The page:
Behind the Protest: Why the Anti-Choice Movement is Not About Abortion

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The anti-choice movement is not about abortion, but then again, the pro-choice movement is not about abortion either.

Today marks the first day of 40 Days for Life, an anti-choice movement that began in College Station, Texas. In 2004 the Coalition for Life began protesting outside of the Planned Parenthood in Bryan, Texas for the forty days of Lent. Protest of Planned Parenthood is nothing new, however, this protest was held for twenty-four hours a day for forty straight days. Throughout the day and night protesters stood in front of the fence with their heads bowed, or stood on the sidewalk holding up protest signs. Over the last several years the 40 Days for Life protest have expanded to twice a year, and according to the web site has spread 212 cities throughout the United States and in two other countries. Word has spread through social networking sites, and also through church communities.

The Coalition for Life likes to characterize the protest as peaceful, and emphasizes the prayer and display of protest signs. However, protesters regularly verbally target patients, volunteer escorts, and Planned Parenthood employees. The medical staff that works at Planned Parenthood has regularly been targets of verbal abuse, and some of the staff has received death threats. The volunteer escorts, who walk patients from their cars and are there as a welcoming presence, are also targeted by the protesters. The moment that a patient opens their car door the protesters begin shouting through the fence, and giving false information about reproductive health care and Planned Parenthood. In the past the Coalition for Life has distanced themselves from actions taken by protesters at Planned Parenthood, and does not take responsibility for the actions of the protesters.

More Below the Fold…The Coalition for Life communications director said in a recent article in the Texas A&M Battalion that the purpose of these protest is to education and to give an “honest look to what abortion does to women.” On the Coalition for Life web site it claims that “contributes to an increase in breast cancer.” According to the American Cancer Society, “induced abortion(s) had no overall effect on the risk of breast cancer.” Also according to the National Cancer Institute, “an abortion or miscarriage does not increase a woman's subsequent risk of developing breast cancer.” The Guttmacher Institute also concludes that “researchers and medical experts have taken another look at the studies and overwhelmingly have concluded that those finding a causal relationship between breast cancer and abortion are methodologically flawed.”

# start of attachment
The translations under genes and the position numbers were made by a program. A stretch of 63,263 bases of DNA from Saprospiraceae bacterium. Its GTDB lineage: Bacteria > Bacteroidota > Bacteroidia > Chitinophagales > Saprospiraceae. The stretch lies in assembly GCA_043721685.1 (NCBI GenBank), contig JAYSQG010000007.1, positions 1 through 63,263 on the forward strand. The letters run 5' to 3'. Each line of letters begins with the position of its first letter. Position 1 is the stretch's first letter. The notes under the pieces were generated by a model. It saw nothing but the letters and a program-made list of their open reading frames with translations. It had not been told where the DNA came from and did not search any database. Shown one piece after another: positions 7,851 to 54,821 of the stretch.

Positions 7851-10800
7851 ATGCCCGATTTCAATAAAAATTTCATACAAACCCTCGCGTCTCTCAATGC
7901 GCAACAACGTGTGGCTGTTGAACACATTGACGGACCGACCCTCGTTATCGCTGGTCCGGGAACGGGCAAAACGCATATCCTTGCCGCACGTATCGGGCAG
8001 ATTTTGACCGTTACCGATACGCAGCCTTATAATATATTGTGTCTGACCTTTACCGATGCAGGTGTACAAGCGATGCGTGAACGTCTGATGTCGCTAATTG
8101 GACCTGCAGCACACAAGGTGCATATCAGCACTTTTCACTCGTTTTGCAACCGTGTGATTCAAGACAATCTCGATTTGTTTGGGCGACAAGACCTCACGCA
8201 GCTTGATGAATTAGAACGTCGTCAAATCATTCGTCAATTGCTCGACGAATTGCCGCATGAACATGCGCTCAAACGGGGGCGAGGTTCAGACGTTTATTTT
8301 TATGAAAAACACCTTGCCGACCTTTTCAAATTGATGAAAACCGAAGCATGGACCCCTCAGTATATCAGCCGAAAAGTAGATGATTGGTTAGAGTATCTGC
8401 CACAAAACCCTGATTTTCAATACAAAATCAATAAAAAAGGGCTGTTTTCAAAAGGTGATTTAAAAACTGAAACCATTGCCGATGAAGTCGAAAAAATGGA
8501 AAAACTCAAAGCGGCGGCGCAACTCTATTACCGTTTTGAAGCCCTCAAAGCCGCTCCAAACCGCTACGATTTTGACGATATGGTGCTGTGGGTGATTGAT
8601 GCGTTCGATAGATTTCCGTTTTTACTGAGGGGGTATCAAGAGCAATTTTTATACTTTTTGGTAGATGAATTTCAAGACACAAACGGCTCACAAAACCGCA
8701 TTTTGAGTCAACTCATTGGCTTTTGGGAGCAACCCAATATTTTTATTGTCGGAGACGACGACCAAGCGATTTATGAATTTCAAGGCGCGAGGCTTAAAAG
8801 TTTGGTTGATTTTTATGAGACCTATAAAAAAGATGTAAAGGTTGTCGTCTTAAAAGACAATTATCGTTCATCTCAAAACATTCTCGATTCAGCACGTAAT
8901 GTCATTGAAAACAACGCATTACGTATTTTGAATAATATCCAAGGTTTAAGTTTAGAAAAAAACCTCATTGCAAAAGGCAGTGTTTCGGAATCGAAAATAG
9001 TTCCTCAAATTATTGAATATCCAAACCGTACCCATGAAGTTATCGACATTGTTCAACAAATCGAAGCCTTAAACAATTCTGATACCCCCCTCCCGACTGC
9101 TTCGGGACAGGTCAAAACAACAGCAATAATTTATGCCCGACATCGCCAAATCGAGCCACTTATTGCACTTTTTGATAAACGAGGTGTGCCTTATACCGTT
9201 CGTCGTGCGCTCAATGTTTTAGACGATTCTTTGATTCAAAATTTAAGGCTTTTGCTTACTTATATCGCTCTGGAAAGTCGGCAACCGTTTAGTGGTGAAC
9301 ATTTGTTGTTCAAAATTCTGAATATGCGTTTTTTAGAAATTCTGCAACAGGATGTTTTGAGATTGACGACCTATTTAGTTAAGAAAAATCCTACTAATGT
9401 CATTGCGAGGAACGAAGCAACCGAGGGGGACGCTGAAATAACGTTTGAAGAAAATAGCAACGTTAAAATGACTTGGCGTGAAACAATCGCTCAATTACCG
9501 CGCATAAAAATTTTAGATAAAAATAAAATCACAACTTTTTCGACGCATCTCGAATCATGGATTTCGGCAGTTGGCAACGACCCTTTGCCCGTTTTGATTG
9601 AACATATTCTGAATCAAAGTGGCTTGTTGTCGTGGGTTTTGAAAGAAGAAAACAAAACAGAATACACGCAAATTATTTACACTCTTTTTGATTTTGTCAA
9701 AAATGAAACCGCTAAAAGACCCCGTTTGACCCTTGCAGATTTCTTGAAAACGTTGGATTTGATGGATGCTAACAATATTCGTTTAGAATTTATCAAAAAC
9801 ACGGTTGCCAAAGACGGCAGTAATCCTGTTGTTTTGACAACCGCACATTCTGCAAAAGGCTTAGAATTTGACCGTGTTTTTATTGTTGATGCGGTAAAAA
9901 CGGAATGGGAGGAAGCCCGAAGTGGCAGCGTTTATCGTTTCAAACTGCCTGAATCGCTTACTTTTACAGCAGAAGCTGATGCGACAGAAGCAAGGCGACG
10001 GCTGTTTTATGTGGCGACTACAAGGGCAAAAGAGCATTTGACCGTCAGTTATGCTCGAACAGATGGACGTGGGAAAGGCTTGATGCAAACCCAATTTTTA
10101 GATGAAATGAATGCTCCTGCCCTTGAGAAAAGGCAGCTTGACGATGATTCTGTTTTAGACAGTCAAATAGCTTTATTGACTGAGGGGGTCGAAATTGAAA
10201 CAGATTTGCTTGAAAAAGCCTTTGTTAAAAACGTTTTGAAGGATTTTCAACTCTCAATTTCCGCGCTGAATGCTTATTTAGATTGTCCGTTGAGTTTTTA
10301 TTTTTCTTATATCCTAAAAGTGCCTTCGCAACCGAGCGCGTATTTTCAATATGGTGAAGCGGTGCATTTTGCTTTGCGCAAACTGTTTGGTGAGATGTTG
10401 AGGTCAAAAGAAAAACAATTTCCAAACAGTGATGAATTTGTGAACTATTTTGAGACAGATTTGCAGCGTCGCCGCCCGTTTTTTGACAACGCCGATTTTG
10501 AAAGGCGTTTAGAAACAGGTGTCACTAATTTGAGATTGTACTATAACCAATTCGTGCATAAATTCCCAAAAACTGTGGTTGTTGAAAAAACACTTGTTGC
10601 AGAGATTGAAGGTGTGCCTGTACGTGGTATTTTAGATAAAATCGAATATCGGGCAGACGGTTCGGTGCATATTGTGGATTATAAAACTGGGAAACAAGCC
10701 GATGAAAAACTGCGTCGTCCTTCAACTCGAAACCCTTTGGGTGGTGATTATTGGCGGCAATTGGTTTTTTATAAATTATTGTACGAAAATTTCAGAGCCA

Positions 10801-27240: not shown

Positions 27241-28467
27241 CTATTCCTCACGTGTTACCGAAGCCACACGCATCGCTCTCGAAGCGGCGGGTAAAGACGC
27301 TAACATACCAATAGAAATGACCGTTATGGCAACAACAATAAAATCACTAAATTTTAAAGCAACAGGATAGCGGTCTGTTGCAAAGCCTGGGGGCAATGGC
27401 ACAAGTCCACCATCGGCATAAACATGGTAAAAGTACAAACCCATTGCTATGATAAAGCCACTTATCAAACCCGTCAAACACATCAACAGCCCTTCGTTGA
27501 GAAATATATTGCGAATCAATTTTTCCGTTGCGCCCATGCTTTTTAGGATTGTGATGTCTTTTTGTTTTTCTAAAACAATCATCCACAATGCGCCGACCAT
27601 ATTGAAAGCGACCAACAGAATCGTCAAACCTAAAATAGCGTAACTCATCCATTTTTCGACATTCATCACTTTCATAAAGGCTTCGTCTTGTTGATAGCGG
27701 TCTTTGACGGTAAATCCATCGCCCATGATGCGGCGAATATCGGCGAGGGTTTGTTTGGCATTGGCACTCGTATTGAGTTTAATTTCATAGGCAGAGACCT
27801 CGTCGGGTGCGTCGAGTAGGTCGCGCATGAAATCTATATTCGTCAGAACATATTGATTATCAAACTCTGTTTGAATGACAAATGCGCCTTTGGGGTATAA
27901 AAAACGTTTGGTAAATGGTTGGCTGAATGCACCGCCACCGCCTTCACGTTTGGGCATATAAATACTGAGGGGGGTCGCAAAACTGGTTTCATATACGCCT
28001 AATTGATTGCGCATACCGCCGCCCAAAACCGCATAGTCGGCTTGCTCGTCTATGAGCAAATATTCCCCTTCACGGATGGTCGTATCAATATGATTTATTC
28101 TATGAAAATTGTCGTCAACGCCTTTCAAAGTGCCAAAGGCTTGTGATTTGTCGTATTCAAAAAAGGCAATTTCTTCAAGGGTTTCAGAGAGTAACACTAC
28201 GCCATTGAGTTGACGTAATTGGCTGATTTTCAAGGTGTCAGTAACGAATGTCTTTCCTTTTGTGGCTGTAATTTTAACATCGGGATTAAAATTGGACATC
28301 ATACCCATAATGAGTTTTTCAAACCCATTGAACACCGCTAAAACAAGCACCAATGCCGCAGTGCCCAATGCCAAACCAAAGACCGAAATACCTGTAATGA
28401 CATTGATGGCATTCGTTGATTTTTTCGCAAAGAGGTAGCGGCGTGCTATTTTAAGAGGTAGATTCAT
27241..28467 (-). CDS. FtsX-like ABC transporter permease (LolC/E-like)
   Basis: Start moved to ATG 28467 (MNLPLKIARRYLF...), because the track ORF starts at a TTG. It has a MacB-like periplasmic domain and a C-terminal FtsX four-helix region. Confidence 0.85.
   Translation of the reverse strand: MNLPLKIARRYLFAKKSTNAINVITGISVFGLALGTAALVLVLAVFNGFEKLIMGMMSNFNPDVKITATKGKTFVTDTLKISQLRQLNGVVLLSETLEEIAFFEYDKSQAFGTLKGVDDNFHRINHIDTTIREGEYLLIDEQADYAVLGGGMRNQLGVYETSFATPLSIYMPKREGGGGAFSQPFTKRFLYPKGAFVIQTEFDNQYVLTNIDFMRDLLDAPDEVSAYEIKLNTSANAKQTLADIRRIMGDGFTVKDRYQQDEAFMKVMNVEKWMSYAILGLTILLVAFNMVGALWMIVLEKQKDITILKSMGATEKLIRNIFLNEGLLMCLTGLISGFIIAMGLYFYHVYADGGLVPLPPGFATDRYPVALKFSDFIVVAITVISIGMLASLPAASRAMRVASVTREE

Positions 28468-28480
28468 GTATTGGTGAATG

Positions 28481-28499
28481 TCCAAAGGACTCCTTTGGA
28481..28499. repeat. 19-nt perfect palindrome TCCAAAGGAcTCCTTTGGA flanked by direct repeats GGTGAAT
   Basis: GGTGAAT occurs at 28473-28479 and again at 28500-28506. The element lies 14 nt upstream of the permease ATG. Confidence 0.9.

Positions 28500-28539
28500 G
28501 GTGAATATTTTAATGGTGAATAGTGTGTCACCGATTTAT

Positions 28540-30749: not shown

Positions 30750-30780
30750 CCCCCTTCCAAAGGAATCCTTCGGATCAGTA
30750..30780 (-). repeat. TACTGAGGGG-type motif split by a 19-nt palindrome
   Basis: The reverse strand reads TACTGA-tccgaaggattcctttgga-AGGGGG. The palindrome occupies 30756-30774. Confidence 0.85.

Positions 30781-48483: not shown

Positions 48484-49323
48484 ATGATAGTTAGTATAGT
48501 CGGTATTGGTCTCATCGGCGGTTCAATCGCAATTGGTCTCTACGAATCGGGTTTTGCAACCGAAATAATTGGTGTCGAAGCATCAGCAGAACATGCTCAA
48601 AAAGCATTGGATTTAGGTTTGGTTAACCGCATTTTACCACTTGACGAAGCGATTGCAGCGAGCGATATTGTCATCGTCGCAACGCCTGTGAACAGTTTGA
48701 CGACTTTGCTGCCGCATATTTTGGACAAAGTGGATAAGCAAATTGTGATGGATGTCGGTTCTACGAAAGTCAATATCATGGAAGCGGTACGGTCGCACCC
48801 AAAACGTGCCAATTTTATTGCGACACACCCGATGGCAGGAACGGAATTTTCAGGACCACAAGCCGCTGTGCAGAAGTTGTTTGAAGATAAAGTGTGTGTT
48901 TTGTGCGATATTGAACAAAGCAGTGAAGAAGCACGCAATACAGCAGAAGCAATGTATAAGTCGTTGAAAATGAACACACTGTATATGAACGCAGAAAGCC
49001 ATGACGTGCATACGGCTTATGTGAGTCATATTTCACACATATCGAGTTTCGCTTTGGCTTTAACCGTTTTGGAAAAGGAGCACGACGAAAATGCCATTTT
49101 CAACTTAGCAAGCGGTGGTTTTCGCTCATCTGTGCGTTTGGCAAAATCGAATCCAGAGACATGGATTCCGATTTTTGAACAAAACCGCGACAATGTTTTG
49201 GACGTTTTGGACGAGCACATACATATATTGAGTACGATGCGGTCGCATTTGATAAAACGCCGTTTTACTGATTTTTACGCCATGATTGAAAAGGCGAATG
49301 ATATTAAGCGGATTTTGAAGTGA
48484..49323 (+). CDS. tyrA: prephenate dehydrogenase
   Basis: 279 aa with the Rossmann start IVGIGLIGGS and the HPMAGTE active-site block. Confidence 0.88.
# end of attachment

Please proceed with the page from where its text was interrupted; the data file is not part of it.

These protests are not about abortion. Abortion is simply the flash point. These protests are about what many in the conservative Christian community consider a “culture war.” This, at its core, is about oppressing women and oppressing sexuality. One of the primary doctrines of fundamental Christianity is that the woman's role in the home, the church, and in general is to be submissive. Also, another doctrine is that sexuality is something that should be repressed and that anything from masturbation to homosexuality is not something that is normal or even natural. Embedded in the rhetoric of the anti-choice movement is anti-feminist rhetoric, which is the real core of what this “culture war” is about. The reason why anti-choice is a much better description of the movement than pro-life is because the real danger to social conservatives is empowered women given the opportunity to make their own choices. Liberated women are the most dangerous threat in the “culture war.”

Perhaps the most ironic part of the anti-choice movement is that many of those in the movement oppose everything that actually reduces the amount of abortions. Abstinence only sex education results in more unplanned pregnancies than comprehensive sex education, and in fact a study published by the Reproductive Health Journal found that states that the teen pregnancy rate is high in states that have a more predominant religious communities because “teens in more religious communities may be less likely to use contraception.” Not only do many in the anti-choice movement oppose comprehensive sex education, but they oppose contraception and family planning period.

While abortion rights are a central theme in the pro-choice movement, being pro-choice is not simply about abortion. The central idea around the pro-choice movement is that women should be empowered to make their own choices. There is a fundamental belief that women have the right to control their own body, and that no one else gets to make those decisions for them. Pro-choice is pro-woman.

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